UEFA's work against anti-doping has continued at the UEFA European Under-19 Championship in Lithuania with presentations to each of the participating teams.
Led by Caroline Thom, UEFA's anti-doping and medical project manager, the session started with an information video taking the players through the doping control procedure. Filmed at UEFA EURO 2012, it showed how blood and urine samples are collected from players and how the doping control station is prepared. A half-time draw determines which two players from each side will be tested at the end of the game, and players are told that they have to go straight to doping control as soon as they leave the pitch – they are not permitted to return to the dressing room.
The video then revealed how the samples are collected – usually the blood is taken first, although the player has the choice – and sealed under the observation of the doping control officer. The samples follow a strict chain of custody from the moment the sample is sealed to when it is opened for testing. It was then pointed out that four players were tested at every UEFA EURO 2012 match: all 124 tests returned negative results.
Thom outlined UEFA's stance against doping, underlining that it is about respect and a level playing field, to protect the image of football and players' health. The rules and prohibited list are established by the World Anti-Doping Agency (WADA) and anti-doping rule violations; a positive test result, possession of a banned substance, tampering with doping control and refusing to take a test being among the infringements. Thom reminded her audience of the principle of strict liability, stating: "Whatever's in your body is your responsibility – you're the one who will be punished."
It was also emphasised that players are allowed treatment if they are ill or injured, provided a therapeutic use exemption certificate (TUE) is completed. "Check with your team doctor before you take anything," said Thom, who made clear that common medicines can contain different – potentially prohibited – ingredients in different countries.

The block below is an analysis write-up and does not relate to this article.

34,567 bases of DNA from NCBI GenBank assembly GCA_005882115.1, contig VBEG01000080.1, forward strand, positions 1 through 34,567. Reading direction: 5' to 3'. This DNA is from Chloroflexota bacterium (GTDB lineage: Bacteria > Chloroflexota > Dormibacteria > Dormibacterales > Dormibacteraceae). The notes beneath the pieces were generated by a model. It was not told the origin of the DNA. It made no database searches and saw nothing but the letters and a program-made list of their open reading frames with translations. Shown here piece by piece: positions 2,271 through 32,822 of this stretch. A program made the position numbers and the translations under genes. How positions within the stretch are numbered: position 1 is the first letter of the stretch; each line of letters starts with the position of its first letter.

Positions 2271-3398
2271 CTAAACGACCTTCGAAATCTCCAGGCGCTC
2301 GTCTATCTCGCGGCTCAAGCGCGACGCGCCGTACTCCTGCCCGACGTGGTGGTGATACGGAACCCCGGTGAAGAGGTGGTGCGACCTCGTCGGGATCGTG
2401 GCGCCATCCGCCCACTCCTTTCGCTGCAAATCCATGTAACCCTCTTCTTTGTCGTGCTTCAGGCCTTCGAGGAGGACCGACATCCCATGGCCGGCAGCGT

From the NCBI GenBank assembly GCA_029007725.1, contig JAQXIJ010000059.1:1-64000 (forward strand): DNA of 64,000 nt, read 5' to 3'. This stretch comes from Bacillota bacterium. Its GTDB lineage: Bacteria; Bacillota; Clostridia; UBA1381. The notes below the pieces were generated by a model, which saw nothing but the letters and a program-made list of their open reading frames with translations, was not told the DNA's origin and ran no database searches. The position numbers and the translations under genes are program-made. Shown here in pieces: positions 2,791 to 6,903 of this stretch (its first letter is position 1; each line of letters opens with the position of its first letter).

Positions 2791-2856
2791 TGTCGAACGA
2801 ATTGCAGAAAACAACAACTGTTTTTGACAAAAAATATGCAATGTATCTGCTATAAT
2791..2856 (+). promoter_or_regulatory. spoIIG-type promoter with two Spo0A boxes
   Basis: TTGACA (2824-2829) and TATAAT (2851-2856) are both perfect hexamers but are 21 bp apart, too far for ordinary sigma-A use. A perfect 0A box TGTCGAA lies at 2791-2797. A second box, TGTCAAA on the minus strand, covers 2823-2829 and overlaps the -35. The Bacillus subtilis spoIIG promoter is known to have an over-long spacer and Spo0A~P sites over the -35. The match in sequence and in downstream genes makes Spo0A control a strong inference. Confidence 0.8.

To highlight the point, several high-profile examples of players who have been banned for testing positive for prohibited substances were given, including Kolo Touré (diuretic) and Paddy Kenny (ephedrine). "Even top players can make silly mistakes," said Thom, who went on to illustrate the dangers of nutritional supplements. "There's a high risk of contamination, and no supplement is 100% certain to contain no banned substances – there is always a risk. Check with your nutritionist and club doctor to check if you really need it."
Thom declared that one of the most significant dangers is recreational drugs – of all football doping tests worldwide, 60% of the positive results are caused by recreational drugs. "You can easily get caught – it's very dangerous," she said, before singling out some of the consequences of doping. Aside from the impact on health, a positive test can end a player's career, damage the reputation of their club and football, and have a negative impact on the team's results.
Help is at hand, however, with players advised to contact their team doctor, national anti-doping agency or UEFA with any questions or concerns. Furthermore, two leaflets were distributed to supply more information: a step-by-step breakdown of UEFA's doping control procedure for players and an information booklet entitled 'Reading this leaflet could save your football career'.
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